Several global events served as milestones along the way to a newer world order. The nationalization of Iran’s oil industry in 1951 brought the British dominance over the region’s energy resources into serious question. The military coup of 1953, staged by the CIA and the British, punished the nation for that intransigence, but the newborn rebellion against the status quo continued to grow.


Next came the so-called defensive wars that Israel waged against its Arab neighbors in 1967 and 1973, resulting in very fortuitous territorial gains for Israel. The spoiled brat supported by its superpower benefactor across the seas began its systematic devastation of the Palestinians and their ancestral lands, thus creating an ever widening chasm between the United States and hundreds of millions of Arabs and non-Arab Moslems. Nevertheless, oil continued to flow, thanks to the loyal and obedient leaders of the oil states who were happy to accommodate in spite of the sentiments of their oppressed masses.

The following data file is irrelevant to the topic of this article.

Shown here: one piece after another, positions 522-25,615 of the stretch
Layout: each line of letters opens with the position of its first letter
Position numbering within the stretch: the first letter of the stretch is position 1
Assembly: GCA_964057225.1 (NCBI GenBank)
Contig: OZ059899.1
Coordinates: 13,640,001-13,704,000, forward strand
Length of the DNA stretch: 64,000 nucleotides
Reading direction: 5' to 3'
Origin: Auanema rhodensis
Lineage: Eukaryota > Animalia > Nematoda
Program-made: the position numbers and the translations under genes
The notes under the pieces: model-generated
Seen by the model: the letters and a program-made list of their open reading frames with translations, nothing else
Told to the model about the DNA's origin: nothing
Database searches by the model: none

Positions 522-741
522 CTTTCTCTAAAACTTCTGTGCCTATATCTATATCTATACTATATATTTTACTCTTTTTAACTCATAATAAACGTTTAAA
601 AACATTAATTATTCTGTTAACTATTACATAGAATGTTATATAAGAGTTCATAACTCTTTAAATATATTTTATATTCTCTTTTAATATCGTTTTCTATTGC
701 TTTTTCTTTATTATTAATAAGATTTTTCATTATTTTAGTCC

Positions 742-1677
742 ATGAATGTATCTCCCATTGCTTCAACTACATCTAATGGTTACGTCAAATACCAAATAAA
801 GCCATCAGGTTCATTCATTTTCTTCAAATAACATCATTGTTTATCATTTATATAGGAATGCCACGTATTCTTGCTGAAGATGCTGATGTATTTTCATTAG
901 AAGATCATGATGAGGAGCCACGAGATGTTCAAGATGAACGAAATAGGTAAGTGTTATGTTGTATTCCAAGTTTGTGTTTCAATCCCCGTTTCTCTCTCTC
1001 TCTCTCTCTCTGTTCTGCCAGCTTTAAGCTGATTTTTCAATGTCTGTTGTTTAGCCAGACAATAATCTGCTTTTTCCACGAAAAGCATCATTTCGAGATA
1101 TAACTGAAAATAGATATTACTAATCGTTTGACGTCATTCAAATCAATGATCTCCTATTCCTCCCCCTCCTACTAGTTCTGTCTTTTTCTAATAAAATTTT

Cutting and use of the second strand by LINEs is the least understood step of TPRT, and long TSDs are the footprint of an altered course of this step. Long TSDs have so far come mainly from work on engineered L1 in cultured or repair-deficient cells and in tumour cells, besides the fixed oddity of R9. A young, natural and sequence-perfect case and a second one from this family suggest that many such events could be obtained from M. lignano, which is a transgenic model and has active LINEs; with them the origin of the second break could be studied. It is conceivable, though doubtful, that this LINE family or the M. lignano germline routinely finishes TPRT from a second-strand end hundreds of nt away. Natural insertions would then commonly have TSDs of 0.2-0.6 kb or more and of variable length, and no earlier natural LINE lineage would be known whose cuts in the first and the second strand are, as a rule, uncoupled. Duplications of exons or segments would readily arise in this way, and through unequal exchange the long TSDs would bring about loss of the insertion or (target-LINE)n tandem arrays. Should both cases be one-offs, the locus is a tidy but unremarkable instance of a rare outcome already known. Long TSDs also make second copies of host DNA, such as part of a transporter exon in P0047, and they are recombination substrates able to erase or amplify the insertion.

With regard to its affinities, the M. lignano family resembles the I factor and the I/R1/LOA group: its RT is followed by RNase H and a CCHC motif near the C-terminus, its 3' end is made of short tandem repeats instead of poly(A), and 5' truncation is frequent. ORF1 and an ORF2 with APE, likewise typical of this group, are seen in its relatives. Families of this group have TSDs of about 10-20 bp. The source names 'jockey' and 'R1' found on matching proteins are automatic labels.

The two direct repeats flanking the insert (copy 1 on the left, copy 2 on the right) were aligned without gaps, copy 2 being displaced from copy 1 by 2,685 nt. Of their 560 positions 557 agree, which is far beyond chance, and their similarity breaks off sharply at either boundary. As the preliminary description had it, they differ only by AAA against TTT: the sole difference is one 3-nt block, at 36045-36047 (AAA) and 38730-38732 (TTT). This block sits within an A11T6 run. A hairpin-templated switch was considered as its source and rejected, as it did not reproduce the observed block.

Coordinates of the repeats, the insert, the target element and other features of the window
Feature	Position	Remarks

The downfall of the monarchy and the establishment of the Islamic Republic of Iran in 1979 was a serious wakeup call heralding the end to the business as usual in the Middle East.


Finally, the collapse of the Soviet Union created a vacuum for the emergence of a new and formidable candidate, Islam, to replace the old global counterbalance to the Western empires.


As we entered the new century, two sleepy and for the most part ignored giants had already come out of dormancy. China’s sun was rising prominently to the east, and Islamic militancy was rapidly gaining momentum as a serious power to be reckoned with.